My wife found a Judge Dee book in the library last week that I hadn't read before, wohoo! The Phantom of the Temple by Robert van Gulik (1910-67) is from 1966 (?) originally. I believe it's the last Judge Dee book by van Gulik, sice it was published just before his death. Before I get to the book, let's have a short look at the series and Mr. Gulik first.
I stumbled upon Judge Dee books a few years ago, when I was vacationing at my uncle's place in northern Finland. Being a bit bored, I was rummaging through my cousin's bookshelf and found The Chinese Lake Murders there. I devoured the book in one afternoon and was hooked. I've since read every novel by van Gulik I've been able to lay my hands on.
Mr. van Gulik was an Oriental scholar originally from the Netherlands, who spent a lion's share of his time in Asia, mainly Indonesia and Japan. He even represented the Netherlands as an ambassador in Tokyo. Van Gulik was fluent in Chinese and while in Japan, translated an old Chinese detective story into English. The story was about Di Renjie, a popular historical character of the Tang-era, who lived in the 7th century. Di Renjie (Dee) was a magistrate of the empire and has become a legend in China. After his translation van Gulik tried his hand at constructing his own murder mystery. The result was The Chinese Maze Murders. After that several Judge Dee books followed.
Although set in the Tang era, the books have mixed in historical facts from Ming China as well. Van Gulik adapted his style from the traditional Chinese murder story, to better suit western audiences. The culprits are not revealed until the end of the stories.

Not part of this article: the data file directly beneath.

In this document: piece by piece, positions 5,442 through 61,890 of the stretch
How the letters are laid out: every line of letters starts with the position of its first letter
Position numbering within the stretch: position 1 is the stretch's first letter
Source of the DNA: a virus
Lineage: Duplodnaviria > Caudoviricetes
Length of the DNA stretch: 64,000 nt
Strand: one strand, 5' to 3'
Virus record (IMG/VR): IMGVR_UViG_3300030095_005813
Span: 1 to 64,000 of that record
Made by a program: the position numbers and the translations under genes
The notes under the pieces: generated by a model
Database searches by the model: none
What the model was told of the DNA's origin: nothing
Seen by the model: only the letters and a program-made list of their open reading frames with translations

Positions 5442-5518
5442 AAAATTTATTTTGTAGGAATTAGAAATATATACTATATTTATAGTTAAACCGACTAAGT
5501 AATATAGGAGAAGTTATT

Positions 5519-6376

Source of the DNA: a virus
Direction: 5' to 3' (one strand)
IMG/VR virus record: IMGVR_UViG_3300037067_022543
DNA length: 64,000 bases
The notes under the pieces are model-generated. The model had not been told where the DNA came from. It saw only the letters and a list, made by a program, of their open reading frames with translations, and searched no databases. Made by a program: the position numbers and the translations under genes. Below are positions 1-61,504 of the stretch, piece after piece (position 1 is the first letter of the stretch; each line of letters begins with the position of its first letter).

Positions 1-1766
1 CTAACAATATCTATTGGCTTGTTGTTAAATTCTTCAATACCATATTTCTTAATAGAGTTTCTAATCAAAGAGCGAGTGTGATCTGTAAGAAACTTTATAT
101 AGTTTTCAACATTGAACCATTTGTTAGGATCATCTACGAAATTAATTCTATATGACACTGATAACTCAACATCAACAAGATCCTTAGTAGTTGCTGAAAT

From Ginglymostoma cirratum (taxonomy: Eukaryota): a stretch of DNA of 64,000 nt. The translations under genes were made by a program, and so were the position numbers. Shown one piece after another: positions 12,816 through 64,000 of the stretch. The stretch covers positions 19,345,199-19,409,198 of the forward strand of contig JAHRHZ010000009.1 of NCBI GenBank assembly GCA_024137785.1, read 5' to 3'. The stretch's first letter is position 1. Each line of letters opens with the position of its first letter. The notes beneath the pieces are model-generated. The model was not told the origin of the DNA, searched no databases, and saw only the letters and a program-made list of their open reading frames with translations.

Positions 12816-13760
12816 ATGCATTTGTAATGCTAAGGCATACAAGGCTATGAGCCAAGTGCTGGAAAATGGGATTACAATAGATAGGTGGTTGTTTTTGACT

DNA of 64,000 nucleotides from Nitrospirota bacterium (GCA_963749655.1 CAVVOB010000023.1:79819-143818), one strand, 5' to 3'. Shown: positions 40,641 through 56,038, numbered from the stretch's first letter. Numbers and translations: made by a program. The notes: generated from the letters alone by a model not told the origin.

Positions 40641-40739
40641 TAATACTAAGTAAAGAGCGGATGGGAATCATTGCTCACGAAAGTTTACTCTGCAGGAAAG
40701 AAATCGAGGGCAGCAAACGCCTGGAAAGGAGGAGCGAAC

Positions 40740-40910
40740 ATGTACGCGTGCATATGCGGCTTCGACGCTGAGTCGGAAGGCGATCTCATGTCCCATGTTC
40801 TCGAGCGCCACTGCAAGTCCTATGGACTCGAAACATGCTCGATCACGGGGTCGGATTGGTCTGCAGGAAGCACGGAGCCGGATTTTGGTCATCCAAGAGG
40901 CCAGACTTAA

The Phantom of the Temple is set in Lan-fang, a small town on the northern frontier in present day Shandong. Judge Dee has settled down as the local magistrate with his family and associates, Sergeant Hoong and Ma Joong, the old highway robber turned official. The books story chronologically follows The Chinese Maze Murders.
In an abandoned Buddhist temple a beheaded corpse is found and the Judge with his helpers sets out to solve this mystery. Soon a missing beauty, a witch and a treasure of gold are mixed into the story as well.
Van Gulik was influenced by Chinese folk stories and his language is staright forward and simple, almost brutal. Like in the earlier Judge Dee stories, women often shed their clothes for Ma Joong. Where van Gulik shines is painting a picture of Chinese society (even though it's a mix of eras). He was extremely well versed in Chinese history and the book contains a great many interesting details about life in a historical Chinese city; The writer highlights the tensions between Han Chinese and "Tartars" in this border town. Tantric Buddhists get their share of xenophobia as well.
This book follows van Gulik's tradition, in that it introduces several central characters and some impersonators, you'll never know which of the characters are real. In the end Judge Dee of course solves the mysteries and the perpetrators are punished (in most books they are executed). As in many of his books, the author adds a postscript, where he explains the workings of classical Chinese society. Also maps of the town as well as drawings (many of them somewhat erotic) of some of the scenes.
If you have not yet read any of van Gulik's novels, I can only recommend you try one. I promise it won't be your last.
Other books by Robert van Gulik:
The Chinese Bell Murders
The Chinese Gold Murders
The Chinese Lake Murders
The Chinese Nail Murders
The Chinese Maze Murders
The Emperor's Pearl
The Haunted Monastery
The Lacquer Screen
The Red Pavillion
The Willow Pattern
The Monkey and the Tiger